• 4 1 banana, almost ripe
  • 1 peach, ripe
  • ½ cup unflavored, live cultured yogurt
  • 1 cup apple or orange juice
  • 2 tablespoons dry milk powder
  • 1 tablespoon nutritional yeast, optional

Combine all the ingredients in a blender or food processor. Process until smooth and foamy. Serve half one day and half another. Of course, refrigerate left-over portion. You can use this drink as part of the daily food intake for a dog.

Doggie Treats

  • 1 cup whole wheat four
  • 1/4 cup wheat germ
  • 1 teaspoon ginger
  • ½ teaspoon cinnamon
  • 2 tablespoons honey
  • 2 tablespoons molasses
  • 2 tablespoons safflower oil
  • 1 egg yolk

Preheat oven to 350 degrees. In a medium sized bowl mix together the flour, wheat germ, and spices. In a small bowl combine the honey, molasses, oil and egg yolk. Mix well and add to the flour mixture. Knead dough briefly. Roll out to 1/4 inch think and cut with cookie cutter. Bake on un greased cookie sheet 15 minutes until lightly browned. Turn off the heat and let cookies dry out in the oven until completely cooled and quite hard.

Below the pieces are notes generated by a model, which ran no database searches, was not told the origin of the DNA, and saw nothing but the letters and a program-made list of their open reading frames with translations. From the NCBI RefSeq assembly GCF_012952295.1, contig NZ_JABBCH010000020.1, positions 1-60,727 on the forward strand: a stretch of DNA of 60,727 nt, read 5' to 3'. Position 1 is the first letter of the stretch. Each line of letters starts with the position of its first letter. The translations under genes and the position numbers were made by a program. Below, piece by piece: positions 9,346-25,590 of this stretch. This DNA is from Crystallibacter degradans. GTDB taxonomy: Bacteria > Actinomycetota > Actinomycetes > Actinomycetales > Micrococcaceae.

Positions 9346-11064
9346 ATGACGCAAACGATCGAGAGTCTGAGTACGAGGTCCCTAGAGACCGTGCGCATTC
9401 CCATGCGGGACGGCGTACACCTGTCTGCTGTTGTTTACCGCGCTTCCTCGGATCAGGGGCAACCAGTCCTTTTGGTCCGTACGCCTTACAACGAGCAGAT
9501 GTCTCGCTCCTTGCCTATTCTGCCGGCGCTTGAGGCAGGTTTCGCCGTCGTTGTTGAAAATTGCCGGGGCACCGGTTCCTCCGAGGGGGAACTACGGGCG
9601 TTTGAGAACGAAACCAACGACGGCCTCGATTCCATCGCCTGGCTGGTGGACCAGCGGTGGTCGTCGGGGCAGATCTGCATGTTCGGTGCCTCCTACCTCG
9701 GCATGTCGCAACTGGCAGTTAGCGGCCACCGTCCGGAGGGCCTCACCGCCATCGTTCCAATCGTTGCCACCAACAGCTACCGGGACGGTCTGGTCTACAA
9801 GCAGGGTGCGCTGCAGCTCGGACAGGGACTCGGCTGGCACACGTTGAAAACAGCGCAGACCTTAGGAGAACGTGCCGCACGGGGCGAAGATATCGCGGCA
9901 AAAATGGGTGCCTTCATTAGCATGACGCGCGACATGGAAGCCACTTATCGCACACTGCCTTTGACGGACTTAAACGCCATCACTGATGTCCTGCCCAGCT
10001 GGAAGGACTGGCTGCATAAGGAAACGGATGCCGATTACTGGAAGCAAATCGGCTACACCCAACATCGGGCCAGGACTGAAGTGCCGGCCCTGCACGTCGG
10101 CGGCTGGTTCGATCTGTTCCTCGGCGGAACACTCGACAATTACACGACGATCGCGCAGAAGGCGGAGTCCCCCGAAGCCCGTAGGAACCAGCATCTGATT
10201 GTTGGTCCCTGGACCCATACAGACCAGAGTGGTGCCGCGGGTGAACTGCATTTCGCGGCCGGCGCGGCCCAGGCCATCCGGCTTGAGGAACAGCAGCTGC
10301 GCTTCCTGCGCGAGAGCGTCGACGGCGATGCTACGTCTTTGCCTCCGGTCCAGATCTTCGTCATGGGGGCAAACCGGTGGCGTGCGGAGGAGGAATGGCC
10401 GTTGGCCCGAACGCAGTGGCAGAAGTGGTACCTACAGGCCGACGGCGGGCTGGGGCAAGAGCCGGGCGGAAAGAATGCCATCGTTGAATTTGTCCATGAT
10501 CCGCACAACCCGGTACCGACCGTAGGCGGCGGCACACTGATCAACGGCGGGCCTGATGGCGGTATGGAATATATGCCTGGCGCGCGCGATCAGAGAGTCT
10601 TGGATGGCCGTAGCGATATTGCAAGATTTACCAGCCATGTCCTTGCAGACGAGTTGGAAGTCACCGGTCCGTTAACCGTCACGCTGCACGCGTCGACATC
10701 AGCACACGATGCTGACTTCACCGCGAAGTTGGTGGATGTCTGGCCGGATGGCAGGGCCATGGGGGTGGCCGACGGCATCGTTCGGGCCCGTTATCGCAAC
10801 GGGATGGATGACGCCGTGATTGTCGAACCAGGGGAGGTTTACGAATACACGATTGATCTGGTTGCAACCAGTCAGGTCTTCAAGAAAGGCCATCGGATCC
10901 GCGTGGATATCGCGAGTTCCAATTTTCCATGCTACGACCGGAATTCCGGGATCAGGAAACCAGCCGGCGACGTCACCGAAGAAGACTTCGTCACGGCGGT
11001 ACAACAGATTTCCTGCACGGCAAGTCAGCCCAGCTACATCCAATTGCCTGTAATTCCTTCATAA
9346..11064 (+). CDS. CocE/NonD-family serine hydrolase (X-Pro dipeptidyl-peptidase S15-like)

If you have a cat:
Fish Cake Cookies

  • 1 can tuna
  • 1 cup bread crumbs
  • 1 teaspoon soy sauce
  • 1 egg, beaten

Preheat oven to 325 degrees Blend tuna and bread crumbs. Add egg and mix well. Drop by ½ teaspoons onto greased cookie cutter and bake 7 to 10 minutes until done. Cool and serve. May be frozen or stored in airtight container in the refrigerator.

Roasted Root Vegetables

  • 4 cups fruit juice such as apple
  • 8 ounces turnips
  • 8 ounces parsnips
  • 8 ounces carrots
  • 8 ounces sweet potatoes
  • 3 tablespoons butter

Boil juice until it is reduced to 1 cup (about 30 minutes). Preheat oven to 425 degrees Peel and dice root vegetables and place in roasting pan. Whisk the butter into the reduced juice and pour over vegetables. Toss together and roast until vegetables are golden and tender, stirring occasionally about 30 minutes. Allow to cool and serve with your main dish.